National Restoration Party (NAREP) president Elias Chipimo says it is unlikely that Zambia will pay the first US$750 million Eurobond scheduled to mature in 2022.

On Tuesday, in Parliament, Finance Minister Dr Bwalya Ngan’du revealed that only US$10 million was saved in the Sinking Fund around three years ahead of a bullet repayment for the US$750 Eurobond.

Commenting on this in an interview, Chipimo said US$10 million was a ‘drop in the ocean’ and that government should change its approach towards repaying the Eurobond because this would have a trickle-down effect on Zambians.

“No, it is unlikely that given the current rate of savings on the part of government that is going to be possible for them to repay the initial eurobond repayment. US $10 million is a drop in the ocean; it sounds like a lot, but it is a drop in the ocean when you look at the repayment amount that is supposed to be due. So, there are not going to meet that even if we didn’t have (the 2021 general) elections, we didn’t have all these expenditure items to take care of. The reality is that the government has known this for a long time,” Chipimo said.

He, however, advised that government should consider refinancing by borrowing from another source in order to meet the intended target.

“They will have to refinance, meaning they will have to borrow from another source in order to repay the eurobond. Now, this is where the problem is going to be: the investor confidence and some of the steps that have been taken have to matter because when we borrowed that eurobond, the first one we are looking at repaying we borrowed at less than six per cent, meaning the interest now are around 20 something per cent, but that is not what we will pay as country; we will only pay that original five something percent. But if we have to refinance, which we have to do in order to repay that bullet (US $750 million) amount, we have to go to the market and we have to borrow at the rates that are existing now. So, it means that the interest will move from five per cent to 20 something per cent. And it is all the function of how much confidence we are giving the investor community as a nation,” he observed.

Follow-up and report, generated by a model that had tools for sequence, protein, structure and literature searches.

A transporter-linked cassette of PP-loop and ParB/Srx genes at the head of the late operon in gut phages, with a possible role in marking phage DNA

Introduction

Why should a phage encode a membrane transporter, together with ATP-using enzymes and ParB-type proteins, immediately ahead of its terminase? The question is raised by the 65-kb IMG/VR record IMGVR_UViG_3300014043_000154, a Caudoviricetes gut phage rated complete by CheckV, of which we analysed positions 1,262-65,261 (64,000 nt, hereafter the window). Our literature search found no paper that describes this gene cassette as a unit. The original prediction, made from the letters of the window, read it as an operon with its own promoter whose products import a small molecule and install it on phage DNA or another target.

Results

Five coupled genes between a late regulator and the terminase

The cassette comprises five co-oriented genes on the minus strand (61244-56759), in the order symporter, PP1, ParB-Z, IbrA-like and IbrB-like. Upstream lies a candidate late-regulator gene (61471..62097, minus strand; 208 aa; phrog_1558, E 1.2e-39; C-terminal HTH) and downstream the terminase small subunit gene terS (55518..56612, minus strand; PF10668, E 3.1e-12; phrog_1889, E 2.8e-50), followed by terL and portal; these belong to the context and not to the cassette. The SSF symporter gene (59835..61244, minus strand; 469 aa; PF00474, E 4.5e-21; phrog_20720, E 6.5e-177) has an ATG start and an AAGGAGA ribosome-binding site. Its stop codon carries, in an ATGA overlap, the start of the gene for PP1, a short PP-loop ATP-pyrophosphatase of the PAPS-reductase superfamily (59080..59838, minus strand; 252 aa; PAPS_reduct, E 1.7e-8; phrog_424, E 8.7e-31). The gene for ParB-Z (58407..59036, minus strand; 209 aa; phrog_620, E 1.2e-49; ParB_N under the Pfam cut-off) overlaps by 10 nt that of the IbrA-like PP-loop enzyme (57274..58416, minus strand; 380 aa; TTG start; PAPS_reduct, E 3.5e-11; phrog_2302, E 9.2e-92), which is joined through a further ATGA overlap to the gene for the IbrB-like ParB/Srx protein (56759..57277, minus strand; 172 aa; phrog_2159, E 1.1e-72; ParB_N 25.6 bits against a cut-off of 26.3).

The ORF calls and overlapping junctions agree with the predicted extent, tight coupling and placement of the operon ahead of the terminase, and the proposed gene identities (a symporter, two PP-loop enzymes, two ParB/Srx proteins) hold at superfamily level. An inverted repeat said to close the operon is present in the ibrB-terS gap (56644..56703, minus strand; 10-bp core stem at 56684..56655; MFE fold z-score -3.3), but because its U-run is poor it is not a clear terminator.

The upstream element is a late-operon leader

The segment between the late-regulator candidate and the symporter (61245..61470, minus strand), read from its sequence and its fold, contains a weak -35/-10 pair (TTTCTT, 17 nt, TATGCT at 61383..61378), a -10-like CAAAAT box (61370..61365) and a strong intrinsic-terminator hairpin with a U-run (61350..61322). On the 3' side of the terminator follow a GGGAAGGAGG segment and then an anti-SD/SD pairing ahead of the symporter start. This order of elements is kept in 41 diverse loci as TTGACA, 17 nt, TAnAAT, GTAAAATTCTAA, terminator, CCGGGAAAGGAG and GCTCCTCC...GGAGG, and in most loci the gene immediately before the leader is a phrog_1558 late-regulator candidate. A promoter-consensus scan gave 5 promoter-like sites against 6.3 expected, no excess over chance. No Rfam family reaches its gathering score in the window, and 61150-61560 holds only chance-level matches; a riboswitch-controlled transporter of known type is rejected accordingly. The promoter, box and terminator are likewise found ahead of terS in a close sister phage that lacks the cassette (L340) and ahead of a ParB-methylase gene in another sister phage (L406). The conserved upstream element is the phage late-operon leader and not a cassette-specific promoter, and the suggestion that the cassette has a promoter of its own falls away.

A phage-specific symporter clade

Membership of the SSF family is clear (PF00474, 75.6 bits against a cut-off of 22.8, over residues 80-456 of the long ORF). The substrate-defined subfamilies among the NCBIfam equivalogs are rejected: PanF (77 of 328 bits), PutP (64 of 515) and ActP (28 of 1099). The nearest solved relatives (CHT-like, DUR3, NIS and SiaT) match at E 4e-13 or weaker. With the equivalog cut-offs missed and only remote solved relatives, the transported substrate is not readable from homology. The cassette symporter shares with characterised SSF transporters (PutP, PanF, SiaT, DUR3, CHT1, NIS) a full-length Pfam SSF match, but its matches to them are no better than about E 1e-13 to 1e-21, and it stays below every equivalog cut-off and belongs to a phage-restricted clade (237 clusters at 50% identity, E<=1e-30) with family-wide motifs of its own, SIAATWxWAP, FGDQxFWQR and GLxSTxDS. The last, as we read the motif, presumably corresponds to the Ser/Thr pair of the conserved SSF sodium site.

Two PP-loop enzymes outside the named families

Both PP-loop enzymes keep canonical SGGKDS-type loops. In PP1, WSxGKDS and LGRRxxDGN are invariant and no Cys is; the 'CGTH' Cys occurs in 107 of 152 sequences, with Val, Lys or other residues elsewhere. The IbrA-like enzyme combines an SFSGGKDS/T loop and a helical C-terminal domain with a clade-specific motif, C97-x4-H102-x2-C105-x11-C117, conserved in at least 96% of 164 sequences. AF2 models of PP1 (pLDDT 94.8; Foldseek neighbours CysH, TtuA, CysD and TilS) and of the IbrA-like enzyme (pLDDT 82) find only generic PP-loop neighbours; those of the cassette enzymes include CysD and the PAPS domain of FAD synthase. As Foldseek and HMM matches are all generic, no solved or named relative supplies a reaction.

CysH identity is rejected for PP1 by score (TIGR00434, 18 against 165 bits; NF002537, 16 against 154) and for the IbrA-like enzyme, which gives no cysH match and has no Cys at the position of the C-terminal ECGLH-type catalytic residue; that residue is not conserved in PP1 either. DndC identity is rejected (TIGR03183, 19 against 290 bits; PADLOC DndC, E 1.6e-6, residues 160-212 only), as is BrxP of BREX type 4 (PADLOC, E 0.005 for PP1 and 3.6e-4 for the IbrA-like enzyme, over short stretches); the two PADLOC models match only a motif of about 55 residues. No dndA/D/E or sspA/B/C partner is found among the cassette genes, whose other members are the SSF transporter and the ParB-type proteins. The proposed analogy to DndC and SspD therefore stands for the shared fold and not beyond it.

“And that is why things like wreckless expenditure, not managing our fiscal situation well and so in other words lots of government expenditure, overpricing of contracts, paying for things that we have not really planned for; all of these things have an impact on the way investors look at us and, therefore, the interest they demand when we have to go in the market to borrow again in order to repay the debt in 2022.”

Chipimo said the government should endeavor to ensure its stopped its wreckless expenditure if the prospect of refinancing will be successful.

“Already, we are feeling the pain of limited economic activities because of very little money in the system; a lot of it is being channelled on these projects, but those projects are being given to, largely, foreign nationals and those nationals don’t spend the money in this country, they spend only on what they have to; the rest, they are sending out. So, you have very little activity going on here. In fact, the only real activity going on is in the construction sector and a lot of it is that people are having to launder their money. So, we have a lot of illicit cash in the system and it is being used to construct properties. It sound like a good thing, but the danger is it is depressing the whole economy because a lot of illicit money quickly rising property means that rentals have now come down across the board. A lot of people who depended on rental income are now effectively having to lay off their workers because people are having to move out of their properties that were constructed out of legitimate money. And because of the economic slowdown, the poor access to money in the economy, people can’t borrow, it means that you will have a compounding effect of economic hardships that people are experiencing,” said Chipimo.